Exposure to ambient fine particulate matter (PM2.5) increases risks for cardiovascular disorders (CVD). However, the mechanisms and components responsible for the effects are poorly understood. Based on our previous murine exposure studies, a translational pilot study was conducted in female residents of Jinchang and Zhangye, China, to test the hypothesis that specific chemical component of PM2.5 is responsible for PM2.5 associated CVD. Daily ambient and personal exposures to PM2.5 and 35 elements were measured in the two cities. A total of 60 healthy nonsmoking adult women residents were recruited for measurements of inflammation biomarkers. In addition, circulating endothelial progenitor cells (CEPCs) were also measured in 20 subjects. The ambient levels of PM2.5 were comparable between Jinchang and Zhangye (47.4 and 54.5 µg/m(3), respectively). However, the levels of nickel, copper, arsenic, and selenium in Jinchang were 82, 26, 12, and 6 fold higher than Zhangye, respectively. The levels of C-reactive protein (3.44 ± 3.46 vs. 1.55 ± 1.13), interleukin-6 (1.65 ± 1.17 vs. 1.09 ± 0.60), and vascular endothelial growth factor (117.6 ± 217.0 vs. 22.7 ± 21.3) were significantly higher in Jinchang. Furthermore, all phenotypes of CEPCs were significantly lower in subjects recruited from Jinchang than those from Zhangye. These results suggest that specific metals may be important components responsible for PM2.5-induced cardiovascular effects and that the reduced capacity of endothelial repair may play a critical role. PMID:24386277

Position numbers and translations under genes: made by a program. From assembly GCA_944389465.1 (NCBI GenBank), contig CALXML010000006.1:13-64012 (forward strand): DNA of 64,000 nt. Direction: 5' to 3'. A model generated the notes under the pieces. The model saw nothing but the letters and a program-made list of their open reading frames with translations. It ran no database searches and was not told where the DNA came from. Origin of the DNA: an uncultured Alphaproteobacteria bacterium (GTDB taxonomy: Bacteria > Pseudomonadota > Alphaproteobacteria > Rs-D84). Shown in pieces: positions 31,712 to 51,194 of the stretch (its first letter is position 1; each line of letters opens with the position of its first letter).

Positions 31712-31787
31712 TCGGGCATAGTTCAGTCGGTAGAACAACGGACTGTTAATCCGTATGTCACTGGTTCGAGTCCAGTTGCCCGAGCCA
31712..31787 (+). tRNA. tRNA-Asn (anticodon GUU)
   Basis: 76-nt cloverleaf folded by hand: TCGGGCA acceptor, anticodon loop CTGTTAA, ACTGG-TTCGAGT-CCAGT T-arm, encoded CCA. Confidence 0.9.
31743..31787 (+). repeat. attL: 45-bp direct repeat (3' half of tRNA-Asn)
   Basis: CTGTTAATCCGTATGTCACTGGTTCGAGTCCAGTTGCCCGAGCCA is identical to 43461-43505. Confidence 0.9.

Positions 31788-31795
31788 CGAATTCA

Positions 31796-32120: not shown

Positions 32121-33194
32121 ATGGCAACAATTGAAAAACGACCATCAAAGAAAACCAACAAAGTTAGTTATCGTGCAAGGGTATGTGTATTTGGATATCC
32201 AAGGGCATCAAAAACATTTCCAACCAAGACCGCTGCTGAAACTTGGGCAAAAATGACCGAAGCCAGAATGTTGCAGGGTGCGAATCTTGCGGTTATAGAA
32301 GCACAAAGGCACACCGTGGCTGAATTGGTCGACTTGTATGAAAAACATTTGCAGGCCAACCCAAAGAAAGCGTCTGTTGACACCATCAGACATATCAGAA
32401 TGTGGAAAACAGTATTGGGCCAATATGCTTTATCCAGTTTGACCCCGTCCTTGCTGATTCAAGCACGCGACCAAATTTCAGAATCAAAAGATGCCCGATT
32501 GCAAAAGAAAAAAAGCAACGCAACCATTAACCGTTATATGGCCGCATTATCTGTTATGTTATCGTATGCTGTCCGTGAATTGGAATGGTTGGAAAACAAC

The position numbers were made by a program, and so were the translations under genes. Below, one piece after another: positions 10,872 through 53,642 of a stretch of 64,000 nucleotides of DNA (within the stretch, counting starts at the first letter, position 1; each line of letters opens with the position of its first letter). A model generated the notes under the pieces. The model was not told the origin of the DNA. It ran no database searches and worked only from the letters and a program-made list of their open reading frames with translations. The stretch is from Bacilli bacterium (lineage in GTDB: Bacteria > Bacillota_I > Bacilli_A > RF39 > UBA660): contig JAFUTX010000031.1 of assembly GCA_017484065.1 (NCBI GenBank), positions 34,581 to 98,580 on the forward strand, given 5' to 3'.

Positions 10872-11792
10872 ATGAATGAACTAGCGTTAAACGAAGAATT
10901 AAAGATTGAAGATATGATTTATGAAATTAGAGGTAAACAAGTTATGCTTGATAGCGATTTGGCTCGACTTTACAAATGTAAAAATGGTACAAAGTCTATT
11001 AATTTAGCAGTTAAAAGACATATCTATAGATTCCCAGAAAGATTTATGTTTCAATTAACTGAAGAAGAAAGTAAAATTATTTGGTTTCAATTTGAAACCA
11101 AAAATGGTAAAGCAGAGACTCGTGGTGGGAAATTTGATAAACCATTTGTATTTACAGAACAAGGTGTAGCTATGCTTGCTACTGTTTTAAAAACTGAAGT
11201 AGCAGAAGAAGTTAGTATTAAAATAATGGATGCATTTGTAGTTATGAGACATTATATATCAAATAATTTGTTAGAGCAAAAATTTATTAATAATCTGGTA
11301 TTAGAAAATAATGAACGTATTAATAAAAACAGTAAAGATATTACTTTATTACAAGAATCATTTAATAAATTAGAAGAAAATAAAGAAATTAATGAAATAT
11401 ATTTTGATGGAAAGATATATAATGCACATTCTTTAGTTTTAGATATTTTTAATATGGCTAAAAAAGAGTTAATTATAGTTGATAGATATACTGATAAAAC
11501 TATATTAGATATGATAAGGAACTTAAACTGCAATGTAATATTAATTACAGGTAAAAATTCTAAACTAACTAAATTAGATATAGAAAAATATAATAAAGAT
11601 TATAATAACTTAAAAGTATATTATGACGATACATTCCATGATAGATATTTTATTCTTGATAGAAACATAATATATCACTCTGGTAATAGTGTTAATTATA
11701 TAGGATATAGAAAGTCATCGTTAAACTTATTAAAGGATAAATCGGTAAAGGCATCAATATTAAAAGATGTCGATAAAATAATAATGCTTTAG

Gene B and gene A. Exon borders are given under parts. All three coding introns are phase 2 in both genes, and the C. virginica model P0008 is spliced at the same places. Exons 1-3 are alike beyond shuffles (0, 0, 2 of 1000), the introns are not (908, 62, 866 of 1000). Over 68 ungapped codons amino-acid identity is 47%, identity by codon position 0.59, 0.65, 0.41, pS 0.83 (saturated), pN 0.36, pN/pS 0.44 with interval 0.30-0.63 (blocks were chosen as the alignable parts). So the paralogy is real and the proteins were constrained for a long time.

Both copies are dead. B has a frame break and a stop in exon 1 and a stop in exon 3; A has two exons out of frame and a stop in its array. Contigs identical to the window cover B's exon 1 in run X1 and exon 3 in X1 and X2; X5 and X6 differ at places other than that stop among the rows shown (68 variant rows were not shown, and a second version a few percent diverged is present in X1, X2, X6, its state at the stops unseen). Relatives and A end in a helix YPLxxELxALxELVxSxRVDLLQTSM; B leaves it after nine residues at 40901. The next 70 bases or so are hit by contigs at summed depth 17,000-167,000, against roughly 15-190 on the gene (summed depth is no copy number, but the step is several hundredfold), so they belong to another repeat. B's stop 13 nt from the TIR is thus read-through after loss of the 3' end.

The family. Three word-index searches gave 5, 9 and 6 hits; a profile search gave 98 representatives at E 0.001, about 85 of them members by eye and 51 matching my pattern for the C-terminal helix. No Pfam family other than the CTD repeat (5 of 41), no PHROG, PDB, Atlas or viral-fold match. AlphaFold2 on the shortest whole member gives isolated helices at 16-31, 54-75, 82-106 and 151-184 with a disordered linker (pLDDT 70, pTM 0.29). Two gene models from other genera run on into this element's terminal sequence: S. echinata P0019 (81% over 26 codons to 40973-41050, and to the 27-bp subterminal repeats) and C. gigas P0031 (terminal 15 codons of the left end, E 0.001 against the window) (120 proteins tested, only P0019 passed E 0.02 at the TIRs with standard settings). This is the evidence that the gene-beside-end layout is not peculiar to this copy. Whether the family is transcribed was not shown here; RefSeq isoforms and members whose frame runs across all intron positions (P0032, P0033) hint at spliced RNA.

16. MODELING OF HUMAN EXPOSURE TO IN-VEHICLE PM2.5 FROM ENVIRONMENTAL TOBACCO SMOKE

    PubMed Central

    Cao, Ye; Frey, H. Christopher

    2012-01-01